The charming city of Lake Charles sits directly west of Lafayette along the coast of Louisiana. And just next to that sits New Orleans, which is the destination most people think of when they're planning a trip to this southern state - without even realizing that another great city is only a short drive away. While Lake Charles is the fifth-largest city in Louisiana, it has the same atmosphere that one would expect from a small Southern town.
Guide2Travel refers to this big city with a small-town attitude as the 'festival capital of the world' and it's easy to see why. For the perfect weekend in this lesser-known city, here are all the things travelers can fit into one weekend in Lake Charles, Louisiana.
Take A Stroll Around The Historic District And Head To A Festival
It could be said that Lake Charles is a little bit quirky. This Gulf-front city has it all from pirate celebrations (more on that later) to a rich southern history, much of which is on full display through its architecture. Falling in love with any number of historical, Victorian buildings is easy to do when you're walking around the Charpentier Historic District, and, for a while, it's easy to forget the time period that one actually resides in. Many of the homes that line these streets have been maintained so well that their colorful exteriors, sharp gable lines, and window towers seem as though they were just built yesterday. Gardens that line the walkways and yards of each building serve as reminders of lavish this city really was during the late 1800s, as it was once a booming lumber town.
When travelers have had enough southern historic charm (but really, how much is too much?) they can experience Lake Charles history in a new way. The city hosts many festivals throughout the year and if Mardi Gras has already come and gone, fear not - there are plenty more to choose from! Seventy-five, to be exact. One of the most popular annual festivals is called Contraband Days, and it's held in May every year over the course of two days. The festival celebrates the tale of Jean Lafitte, who was rumored to be a pirate who stalked the coves around the area. Among many fun and unique pirate's-life traditions, a favorite of locals is when 'pirate' Jean Latiffe makes the mayor walk the plank at the waterfront.
Visit One Of Several Fascinating Museums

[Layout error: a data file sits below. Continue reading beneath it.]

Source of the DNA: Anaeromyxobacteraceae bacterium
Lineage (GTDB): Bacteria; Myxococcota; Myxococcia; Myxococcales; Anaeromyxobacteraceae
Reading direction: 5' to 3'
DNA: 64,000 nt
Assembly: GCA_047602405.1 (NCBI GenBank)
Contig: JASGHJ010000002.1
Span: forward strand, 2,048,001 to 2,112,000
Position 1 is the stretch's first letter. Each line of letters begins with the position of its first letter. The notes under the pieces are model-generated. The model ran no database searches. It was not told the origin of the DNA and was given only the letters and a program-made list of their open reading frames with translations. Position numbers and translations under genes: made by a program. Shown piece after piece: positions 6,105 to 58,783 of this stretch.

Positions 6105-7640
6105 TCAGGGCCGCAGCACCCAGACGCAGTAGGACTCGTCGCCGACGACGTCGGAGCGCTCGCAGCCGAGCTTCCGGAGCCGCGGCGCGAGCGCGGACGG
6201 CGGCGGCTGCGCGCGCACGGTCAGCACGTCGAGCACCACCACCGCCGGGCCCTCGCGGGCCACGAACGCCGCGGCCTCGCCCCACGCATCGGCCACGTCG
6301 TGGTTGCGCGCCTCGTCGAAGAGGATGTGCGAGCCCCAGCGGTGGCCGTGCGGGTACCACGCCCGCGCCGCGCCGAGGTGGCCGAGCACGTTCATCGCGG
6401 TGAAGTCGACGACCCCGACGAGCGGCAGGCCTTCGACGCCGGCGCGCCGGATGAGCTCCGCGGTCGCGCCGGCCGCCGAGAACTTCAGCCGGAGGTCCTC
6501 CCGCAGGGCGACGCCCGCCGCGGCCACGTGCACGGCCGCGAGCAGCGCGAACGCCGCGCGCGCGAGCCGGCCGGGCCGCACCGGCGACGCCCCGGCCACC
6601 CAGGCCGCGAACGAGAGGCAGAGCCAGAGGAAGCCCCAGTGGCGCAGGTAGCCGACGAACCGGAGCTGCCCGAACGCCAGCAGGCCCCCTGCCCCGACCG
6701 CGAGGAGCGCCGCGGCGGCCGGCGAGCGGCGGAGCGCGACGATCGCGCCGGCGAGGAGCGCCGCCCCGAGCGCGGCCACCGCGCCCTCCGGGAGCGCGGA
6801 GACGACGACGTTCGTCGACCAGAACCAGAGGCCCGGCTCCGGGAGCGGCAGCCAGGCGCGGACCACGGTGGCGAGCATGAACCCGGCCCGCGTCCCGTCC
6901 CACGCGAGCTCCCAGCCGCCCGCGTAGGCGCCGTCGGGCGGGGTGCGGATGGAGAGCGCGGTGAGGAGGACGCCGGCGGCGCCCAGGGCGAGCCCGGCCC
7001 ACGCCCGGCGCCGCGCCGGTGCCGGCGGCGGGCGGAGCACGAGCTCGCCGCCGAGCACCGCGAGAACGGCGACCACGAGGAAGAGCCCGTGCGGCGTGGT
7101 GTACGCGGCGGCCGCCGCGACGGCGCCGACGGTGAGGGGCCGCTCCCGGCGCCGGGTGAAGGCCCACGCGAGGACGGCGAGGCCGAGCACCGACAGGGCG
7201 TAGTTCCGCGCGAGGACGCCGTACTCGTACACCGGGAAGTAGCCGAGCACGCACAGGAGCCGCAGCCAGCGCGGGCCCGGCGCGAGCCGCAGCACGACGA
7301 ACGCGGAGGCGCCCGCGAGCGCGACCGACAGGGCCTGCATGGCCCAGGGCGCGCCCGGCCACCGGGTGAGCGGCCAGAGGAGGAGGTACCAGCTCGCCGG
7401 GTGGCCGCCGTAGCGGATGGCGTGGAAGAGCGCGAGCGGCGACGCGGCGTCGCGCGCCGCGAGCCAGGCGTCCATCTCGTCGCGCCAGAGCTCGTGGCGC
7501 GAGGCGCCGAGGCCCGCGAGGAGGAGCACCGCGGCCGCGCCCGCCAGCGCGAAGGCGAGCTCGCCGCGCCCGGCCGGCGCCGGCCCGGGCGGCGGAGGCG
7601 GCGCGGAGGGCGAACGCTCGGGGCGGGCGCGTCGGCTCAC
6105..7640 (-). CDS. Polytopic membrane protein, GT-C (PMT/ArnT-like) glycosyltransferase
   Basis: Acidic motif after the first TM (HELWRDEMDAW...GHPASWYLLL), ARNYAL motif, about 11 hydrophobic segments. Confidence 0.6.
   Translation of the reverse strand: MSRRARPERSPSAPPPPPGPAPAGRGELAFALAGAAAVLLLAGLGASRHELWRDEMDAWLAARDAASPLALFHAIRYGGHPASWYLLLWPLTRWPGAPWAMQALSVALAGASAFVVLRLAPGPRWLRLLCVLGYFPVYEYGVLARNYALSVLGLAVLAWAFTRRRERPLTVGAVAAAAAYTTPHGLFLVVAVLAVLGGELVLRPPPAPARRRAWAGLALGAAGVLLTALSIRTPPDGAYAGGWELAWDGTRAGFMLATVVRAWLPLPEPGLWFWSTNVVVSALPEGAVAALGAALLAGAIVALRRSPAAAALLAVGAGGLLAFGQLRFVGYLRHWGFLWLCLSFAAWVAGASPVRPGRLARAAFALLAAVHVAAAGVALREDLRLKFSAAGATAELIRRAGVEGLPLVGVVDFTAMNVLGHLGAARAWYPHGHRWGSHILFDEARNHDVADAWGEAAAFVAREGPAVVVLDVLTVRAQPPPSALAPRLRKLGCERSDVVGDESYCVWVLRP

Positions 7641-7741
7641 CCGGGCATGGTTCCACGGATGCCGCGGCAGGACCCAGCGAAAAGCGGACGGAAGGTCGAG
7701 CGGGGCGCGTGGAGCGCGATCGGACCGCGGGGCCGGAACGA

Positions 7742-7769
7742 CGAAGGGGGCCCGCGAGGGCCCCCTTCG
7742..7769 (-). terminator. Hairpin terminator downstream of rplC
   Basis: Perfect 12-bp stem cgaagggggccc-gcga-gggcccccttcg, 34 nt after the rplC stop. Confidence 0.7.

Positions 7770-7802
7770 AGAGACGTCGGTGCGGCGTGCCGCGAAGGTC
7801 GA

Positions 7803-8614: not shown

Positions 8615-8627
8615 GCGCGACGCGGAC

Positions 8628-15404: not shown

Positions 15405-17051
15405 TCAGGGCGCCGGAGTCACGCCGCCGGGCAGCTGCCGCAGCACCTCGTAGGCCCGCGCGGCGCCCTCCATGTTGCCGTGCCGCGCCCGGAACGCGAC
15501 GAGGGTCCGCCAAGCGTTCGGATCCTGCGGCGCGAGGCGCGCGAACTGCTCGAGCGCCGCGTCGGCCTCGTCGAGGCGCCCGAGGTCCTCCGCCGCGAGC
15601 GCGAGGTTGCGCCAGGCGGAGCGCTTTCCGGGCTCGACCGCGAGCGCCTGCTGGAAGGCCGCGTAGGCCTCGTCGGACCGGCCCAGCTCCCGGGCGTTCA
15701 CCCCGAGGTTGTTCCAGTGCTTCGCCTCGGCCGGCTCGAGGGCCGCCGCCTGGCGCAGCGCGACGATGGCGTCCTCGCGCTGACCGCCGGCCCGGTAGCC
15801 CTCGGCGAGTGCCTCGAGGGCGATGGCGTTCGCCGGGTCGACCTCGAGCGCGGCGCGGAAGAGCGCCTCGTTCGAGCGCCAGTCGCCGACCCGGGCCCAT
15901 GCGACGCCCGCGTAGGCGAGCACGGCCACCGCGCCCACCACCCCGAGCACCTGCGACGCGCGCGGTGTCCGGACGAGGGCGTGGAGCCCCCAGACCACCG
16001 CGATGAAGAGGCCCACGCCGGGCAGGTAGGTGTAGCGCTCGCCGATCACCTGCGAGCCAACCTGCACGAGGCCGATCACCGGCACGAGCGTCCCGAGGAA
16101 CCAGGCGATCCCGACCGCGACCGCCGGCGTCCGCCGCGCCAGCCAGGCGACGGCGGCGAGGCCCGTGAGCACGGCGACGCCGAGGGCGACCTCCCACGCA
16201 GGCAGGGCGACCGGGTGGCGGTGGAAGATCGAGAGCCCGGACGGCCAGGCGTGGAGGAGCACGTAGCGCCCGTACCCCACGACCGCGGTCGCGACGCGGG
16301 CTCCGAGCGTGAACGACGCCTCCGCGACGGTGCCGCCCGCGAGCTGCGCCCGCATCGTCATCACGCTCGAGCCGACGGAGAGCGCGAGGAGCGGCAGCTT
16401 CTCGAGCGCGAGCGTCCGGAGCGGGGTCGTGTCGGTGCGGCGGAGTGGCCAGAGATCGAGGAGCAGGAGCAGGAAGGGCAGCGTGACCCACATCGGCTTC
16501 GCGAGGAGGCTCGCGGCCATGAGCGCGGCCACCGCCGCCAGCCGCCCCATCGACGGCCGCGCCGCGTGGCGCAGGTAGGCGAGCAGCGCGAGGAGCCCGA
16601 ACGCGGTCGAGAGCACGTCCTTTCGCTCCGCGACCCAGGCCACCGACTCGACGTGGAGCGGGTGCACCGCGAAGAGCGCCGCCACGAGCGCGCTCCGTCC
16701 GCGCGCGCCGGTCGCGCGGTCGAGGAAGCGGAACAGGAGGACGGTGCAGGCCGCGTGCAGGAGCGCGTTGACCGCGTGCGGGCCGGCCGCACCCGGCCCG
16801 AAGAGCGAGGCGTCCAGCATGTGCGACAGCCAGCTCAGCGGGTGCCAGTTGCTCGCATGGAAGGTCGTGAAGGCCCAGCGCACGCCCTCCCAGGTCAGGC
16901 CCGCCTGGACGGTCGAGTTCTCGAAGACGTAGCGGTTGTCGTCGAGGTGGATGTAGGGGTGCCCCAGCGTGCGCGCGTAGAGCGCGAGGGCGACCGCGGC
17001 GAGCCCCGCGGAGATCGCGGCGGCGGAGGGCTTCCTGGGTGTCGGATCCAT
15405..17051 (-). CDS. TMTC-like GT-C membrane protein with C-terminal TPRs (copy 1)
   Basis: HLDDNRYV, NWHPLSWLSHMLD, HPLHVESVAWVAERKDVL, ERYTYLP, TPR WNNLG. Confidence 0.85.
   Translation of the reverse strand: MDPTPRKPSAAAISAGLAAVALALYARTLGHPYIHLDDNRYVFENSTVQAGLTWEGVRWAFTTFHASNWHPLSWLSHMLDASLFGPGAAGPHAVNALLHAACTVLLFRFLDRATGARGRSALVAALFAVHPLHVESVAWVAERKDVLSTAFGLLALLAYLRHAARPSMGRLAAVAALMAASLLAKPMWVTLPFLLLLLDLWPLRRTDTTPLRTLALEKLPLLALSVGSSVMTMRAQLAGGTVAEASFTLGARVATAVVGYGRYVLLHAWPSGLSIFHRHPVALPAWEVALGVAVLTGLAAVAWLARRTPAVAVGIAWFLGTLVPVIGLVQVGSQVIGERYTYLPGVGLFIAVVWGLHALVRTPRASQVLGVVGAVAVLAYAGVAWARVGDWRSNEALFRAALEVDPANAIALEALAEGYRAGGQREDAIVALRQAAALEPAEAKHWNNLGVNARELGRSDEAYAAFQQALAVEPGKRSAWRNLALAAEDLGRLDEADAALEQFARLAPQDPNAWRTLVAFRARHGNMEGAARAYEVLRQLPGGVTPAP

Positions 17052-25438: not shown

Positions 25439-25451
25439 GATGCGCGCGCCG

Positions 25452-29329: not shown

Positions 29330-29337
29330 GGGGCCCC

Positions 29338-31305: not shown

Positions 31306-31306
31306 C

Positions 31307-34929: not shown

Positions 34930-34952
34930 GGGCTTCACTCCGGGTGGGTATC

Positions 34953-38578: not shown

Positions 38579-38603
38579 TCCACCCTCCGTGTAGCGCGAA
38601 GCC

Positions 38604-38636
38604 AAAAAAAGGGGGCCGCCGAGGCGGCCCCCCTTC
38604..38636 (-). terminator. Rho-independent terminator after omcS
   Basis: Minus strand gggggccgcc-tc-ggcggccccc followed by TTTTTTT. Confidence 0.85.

Surprisingly, Lake Charles is home to one of the most decorated wartime U.S. Navy ships in history, the USS Orleck. The ship was built in 1945 for use in World War II before it was eventually retired by 1982. Now, it sits in the harbor in Lake Charles as a museum, open to visitors who wish to see it up close and learn about the role it once played when it was active. The anti-submarine ship was top of the line during its prime, with technology that's far outdated today, but was the most advanced anyone had ever seen during the Second World War.
If you've missed Mardi Gras, don't worry - Lake Charles is also home to the Mardi Gras Museum of Imperial Calcasieu, which happens to be open year-round. Here, visitors can see Mardi Gras costumes from decades past, as this one museum is home to more of them than any other in the world. Each year, the outfits change and as new ones are created, they're swapped out annually so that there's something different on display during each festival season.
Soak Up Louisiana's Nature At The Beach Or On The Trails
Of course, no visit to Louisiana's coast, or Lake Charles, in particular, is complete without a beach day. There are several beaches that travelers can choose from including North Beach, which is also home to a boardwalk that connects several nature trails and memorial parks. The Cajun Riviera beaches are the most popular for locals and tourists but still provide a great day in the sun despite the fact that they can get crowded on weekends and holidays.
For anyone looking to get up close and personal with Louisiana's wildlife, the Creole Nature Trail is the place to be. This preserve is protected and offers a glimpse into a natural marshland biome of Louisiana, which is home to alligators, more than 120 species of fish, and many rare bird species. This is also the gateway to the Sabine National Wildlife Refuge, which spans 124,511 acres in total, offering plenty of scenic vistas for travelers looking to escape the city for a while.